Style and Method
The style of painting I do is called contemporary realism. I was fascinated the primary focus point is detailed the rest not so much. This is more or less the way I think & see things
It is a true painting, in acrylic on canvas. That I had stretched primed & gessoed in anticipation of the next painting. Zoom into a finished piece - you will see the brush strokes. Fitting the image to your screen hides the brush strokes because the image is so much smaller than the actual painting.
As for timing, let us see; say I started on a Saturday night; I use a grid system to get everything to scale & Windows Live Gallery to enlarge the image to get details. I sketched it out on the canvas & painted until about 3 or 4 am all the background roughed in & get the foreground pretty much done - used 1 in. & 2 in.h paint brushes for this.
Then start again at about 8 Sunday morning until dinner break at 6 pm. I'm lucky, when my husband is home on vacation so he's been nice enough to let me do my thing with the painting frenzy (I get that way every once in a while). On Sunday, I detail the foreground. Roughed in the focus of the painting will keep me busy until about 2 or 3am. Then Monday I started again at around 9am with adding more detail the focus & added a bit more to the secondary focus. Went to bed at around 11, I was starting to make mistakes. Didn't get up till 10 am that day - hadn't slept like that in a long time ;-) Had a good long look at the painting touched up the focal points, the bit more detail on the secondary focus & darkened the background behind the primary subject - which now that it's hanging on the wall on the other side of the room I think I over worked a bit too much.
Saturday 8 hrs
Sunday 18 hrs
Monday 14 hrs
Tuesday 7 hrs
Total about 47 hours
This is just the painting, does not include the prep time, stretching/gessoing canvas, selecting colors, etc.
It usually takes me about 50 hours to complete a painting, double that if the background is as detailed as the foreground & I usually spread it across a months' time. If you look closely to the primary subject - not much detail. Ditto for the secondary focal point. I did not detail the subject very much.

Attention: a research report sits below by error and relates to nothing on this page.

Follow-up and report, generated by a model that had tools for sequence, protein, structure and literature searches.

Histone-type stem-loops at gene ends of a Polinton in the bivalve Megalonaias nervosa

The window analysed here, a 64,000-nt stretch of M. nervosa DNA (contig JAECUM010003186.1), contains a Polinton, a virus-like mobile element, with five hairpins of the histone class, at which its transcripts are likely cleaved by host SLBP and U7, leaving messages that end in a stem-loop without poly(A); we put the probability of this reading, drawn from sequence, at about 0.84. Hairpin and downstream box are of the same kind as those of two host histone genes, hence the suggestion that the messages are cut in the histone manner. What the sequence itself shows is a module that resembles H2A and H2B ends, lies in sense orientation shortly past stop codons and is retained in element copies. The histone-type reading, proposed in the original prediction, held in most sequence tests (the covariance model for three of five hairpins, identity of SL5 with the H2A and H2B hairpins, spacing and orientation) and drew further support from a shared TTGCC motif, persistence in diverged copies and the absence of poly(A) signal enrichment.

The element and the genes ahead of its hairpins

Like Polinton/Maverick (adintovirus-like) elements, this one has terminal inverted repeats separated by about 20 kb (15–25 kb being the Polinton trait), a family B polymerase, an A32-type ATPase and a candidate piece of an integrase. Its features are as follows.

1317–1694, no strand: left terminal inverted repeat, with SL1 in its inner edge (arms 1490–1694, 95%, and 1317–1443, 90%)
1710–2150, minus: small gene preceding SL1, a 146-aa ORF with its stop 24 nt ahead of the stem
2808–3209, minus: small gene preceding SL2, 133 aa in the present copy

Do not forget I start with a smaller image to look at & base my canvas size from & have my paint colors ready to go. I knew in my head what I was going to do & how I was going to do it. All I needed are the details.
I usually do a lot more detail than this but I held back this time to allow the larger brush strokes show through & used a wider softer brush for the glazing. I think that there are about a dozen layers of paint on the canvas.
Today I finished it by photographing it, brought it in to Photoshop, straightened & cropped the edges of the painting. Added meta tags inside the jpeg. My name as the artist & any other details, I used Bridge to do this. Once I do this, I do not go back & change any of it. The outer edge of the canvas is then taped off with black gaffers tape & I call it done.
As you can see, I really do get caught up sometimes in my painting - if I were not married, I would probably forget to eat of feed the cats & dog… Only go out for art supplies ;-) but it does make me a very happy camper.
If you have any photograph, you would like as a painting let me know. I do not guarantee the same speed. I have a few other paintings that I have been working on that I'm struggling to finish, 2 dogs at a beach - going on to 2 years (other stuff keeps getting in the way of this one), Sci-fi mutant painting since before Christmas (still researching), a 3d or textured abstract mixed media painting for about 2 months (composition), another abstract about 4 months (composition & stability) & a ghost painting about 3 weeks now (placement of reflection in eye). I get to a certain point & I hit a wall that is the point that I move to the next painting. It helps to break the wall if I do a painting for someone else. Doing commissioned work refocuses me & helps me find a solution to the block. I guess painting for me is like writing for some writers.
Referencing 'Spirit Bear' (Kermode) painting.